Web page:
Defendants also assert as error the trial court's giving of jury instructions on count II without including the requisites urged by defendants above, namely, the affirmative defense of no duty to hire and the requirements that plaintiff be an employee at the time he is injured, filed a Workers' Compensation claim, and is denied reemployment. As already indicated, the affirmative defense and the latter two alleged requisites are not necessary for a retaliatory action based upon the refusal to rehire or recall clause. In addition, defendants have waived objection on appeal to any other improper instruction relating to the elements of count II by failing to object at trial or tender to the court a proper instruction. Mackey v. Daddio (1985), 139 Ill. App. 3d 604, 487 N.E.2d 1167; Fink v. Woodward (1984), 122 Ill. App. 3d 911, 462 N.E.2d 13.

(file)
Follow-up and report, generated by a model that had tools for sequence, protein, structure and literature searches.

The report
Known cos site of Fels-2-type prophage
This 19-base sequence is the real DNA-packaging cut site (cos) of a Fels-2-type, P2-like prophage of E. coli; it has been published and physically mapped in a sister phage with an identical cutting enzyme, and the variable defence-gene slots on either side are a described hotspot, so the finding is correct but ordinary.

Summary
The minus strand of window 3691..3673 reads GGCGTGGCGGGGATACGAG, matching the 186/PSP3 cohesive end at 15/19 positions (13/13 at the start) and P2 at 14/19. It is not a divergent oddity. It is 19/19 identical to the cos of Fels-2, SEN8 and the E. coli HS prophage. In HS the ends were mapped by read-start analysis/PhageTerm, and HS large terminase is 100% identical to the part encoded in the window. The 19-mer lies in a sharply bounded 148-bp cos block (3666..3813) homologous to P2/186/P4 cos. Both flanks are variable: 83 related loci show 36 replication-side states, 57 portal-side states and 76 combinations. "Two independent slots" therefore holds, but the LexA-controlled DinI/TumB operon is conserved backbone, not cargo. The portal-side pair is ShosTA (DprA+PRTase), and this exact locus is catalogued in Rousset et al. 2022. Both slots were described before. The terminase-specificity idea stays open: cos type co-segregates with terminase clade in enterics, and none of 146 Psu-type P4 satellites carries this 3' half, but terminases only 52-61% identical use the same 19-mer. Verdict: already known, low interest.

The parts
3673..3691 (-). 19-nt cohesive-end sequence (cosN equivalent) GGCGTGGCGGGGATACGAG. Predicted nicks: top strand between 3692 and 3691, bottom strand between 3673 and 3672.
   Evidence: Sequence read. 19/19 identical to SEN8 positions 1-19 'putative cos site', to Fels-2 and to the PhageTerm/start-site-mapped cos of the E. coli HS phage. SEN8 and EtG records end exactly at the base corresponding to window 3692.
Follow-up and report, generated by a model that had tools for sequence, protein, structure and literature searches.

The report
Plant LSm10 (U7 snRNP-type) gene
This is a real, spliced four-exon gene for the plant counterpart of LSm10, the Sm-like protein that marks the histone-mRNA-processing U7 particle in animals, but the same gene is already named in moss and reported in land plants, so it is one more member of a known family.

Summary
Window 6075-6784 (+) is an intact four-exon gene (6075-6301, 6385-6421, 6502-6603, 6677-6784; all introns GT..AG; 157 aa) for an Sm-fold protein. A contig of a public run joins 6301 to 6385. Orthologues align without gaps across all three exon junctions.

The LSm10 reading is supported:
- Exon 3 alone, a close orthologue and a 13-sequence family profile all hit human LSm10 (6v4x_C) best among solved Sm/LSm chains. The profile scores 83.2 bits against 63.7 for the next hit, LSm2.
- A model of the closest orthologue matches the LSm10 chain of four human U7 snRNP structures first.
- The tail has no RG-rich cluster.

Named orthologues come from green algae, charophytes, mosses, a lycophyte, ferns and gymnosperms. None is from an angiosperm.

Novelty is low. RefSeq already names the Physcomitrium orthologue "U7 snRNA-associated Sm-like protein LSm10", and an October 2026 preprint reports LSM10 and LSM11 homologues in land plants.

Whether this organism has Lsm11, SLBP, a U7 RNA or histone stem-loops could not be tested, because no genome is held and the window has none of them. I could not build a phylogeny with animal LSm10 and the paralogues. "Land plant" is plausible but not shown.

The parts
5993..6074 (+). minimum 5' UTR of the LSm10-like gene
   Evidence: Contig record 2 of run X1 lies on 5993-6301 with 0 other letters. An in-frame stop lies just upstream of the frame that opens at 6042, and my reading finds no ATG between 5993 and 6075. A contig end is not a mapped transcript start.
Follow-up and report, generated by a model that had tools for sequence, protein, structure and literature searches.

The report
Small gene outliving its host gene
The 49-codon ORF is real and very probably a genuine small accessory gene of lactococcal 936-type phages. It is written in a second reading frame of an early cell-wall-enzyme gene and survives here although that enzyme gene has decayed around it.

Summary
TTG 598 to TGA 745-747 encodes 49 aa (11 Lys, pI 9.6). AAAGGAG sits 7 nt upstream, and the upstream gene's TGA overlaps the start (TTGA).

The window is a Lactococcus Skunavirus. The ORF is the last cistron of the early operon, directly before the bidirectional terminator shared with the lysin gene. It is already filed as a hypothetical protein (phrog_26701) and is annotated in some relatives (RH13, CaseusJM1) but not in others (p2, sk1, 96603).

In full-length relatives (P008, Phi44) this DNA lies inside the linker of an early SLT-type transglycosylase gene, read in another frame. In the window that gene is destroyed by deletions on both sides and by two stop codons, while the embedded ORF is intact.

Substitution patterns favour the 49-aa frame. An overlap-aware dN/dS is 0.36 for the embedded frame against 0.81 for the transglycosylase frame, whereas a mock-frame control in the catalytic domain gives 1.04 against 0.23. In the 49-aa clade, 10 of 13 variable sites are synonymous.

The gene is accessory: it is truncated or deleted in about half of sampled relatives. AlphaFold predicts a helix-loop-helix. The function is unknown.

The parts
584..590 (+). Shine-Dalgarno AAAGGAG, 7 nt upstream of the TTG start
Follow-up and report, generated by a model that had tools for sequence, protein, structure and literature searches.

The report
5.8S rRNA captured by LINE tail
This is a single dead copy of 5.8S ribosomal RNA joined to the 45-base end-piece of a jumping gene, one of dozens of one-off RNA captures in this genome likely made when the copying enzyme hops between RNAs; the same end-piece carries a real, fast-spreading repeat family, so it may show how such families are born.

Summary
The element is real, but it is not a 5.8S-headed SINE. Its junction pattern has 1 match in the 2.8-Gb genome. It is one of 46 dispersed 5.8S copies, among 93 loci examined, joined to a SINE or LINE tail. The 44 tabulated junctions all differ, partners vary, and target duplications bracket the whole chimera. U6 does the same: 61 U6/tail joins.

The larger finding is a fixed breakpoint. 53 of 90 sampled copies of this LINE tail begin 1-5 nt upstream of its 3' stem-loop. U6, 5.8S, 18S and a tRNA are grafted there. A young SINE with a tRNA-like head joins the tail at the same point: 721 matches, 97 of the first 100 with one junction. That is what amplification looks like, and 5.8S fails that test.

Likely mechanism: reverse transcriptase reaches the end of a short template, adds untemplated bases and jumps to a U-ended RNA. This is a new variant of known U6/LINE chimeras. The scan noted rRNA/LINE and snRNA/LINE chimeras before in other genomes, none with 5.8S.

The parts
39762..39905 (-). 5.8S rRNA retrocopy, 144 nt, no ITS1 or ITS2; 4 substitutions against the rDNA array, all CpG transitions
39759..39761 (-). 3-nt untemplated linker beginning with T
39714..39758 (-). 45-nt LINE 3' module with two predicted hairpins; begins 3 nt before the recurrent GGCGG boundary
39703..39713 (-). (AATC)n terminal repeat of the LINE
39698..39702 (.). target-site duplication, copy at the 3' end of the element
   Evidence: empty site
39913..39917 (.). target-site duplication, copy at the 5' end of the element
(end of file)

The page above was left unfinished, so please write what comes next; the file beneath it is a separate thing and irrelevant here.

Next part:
Defendants next contend that defendant Pine cannot be held personally liable for the tortious acts of the corporation. While it is clear as a general rule of corporate law that an officer or director of a corporation is insulated from the corporation's liabilities, it is also well recognized under agency law that an officer-agent of a corporate principal is liable for his own tortious acts. Illinois courts have extended this basic precept in holding corporate officers liable for torts of the corporation in which the officers have personally participated. (National Acceptance Co. of America v. Pintura Corp. (1981), 94 Ill. App. 3d 703, 418 N.E.2d 1114 (corporate officer liable for corporation's conversion); McDonald v. Frontier (1971), 1 Ill. App. 3d 345, 272 N.E.2d 369 (corporate officer liable for corporation's negligence); Miller v. Simon (1968), 100 Ill. App. 2d 6, 241 N.E.2d 697 (corporate officer liable for trespass to realty).) The tortious acts at issue in the above cases, however, are distinguishable from the instant case. The acts committed in these cases would be tortious as to any person who engaged in conduct of that type. The instant tort of retaliatory discharge arising from a violation of the Workers' Compensation Act, on the other hand, may be committed only by persons serving in the specific capacity of an "employer." (Ill. Rev. Stat. 1985, ch. 48, par. 138.4(h).) The record here clearly indicates that defendant Pine Roofing Company was plaintiff's employer and defendant Martin Pine acted solely in the capacity of officer of the corporation. Even though defendant Martin Pine personally participated in the tort, only defendant Pine Roofing, as plaintiff's employer, may be held personally liable for the tort. Nevertheless, defendants, by not raising this issue in their post-trial motion, have waived any objection on appeal to defendant Martin Pine's personal liability. 73 Ill. 2d R. 366(b)(2)(iii); Zvonarits v. Vallen (1978), 64 Ill. App. 3d 958, 382 N.E.2d 18.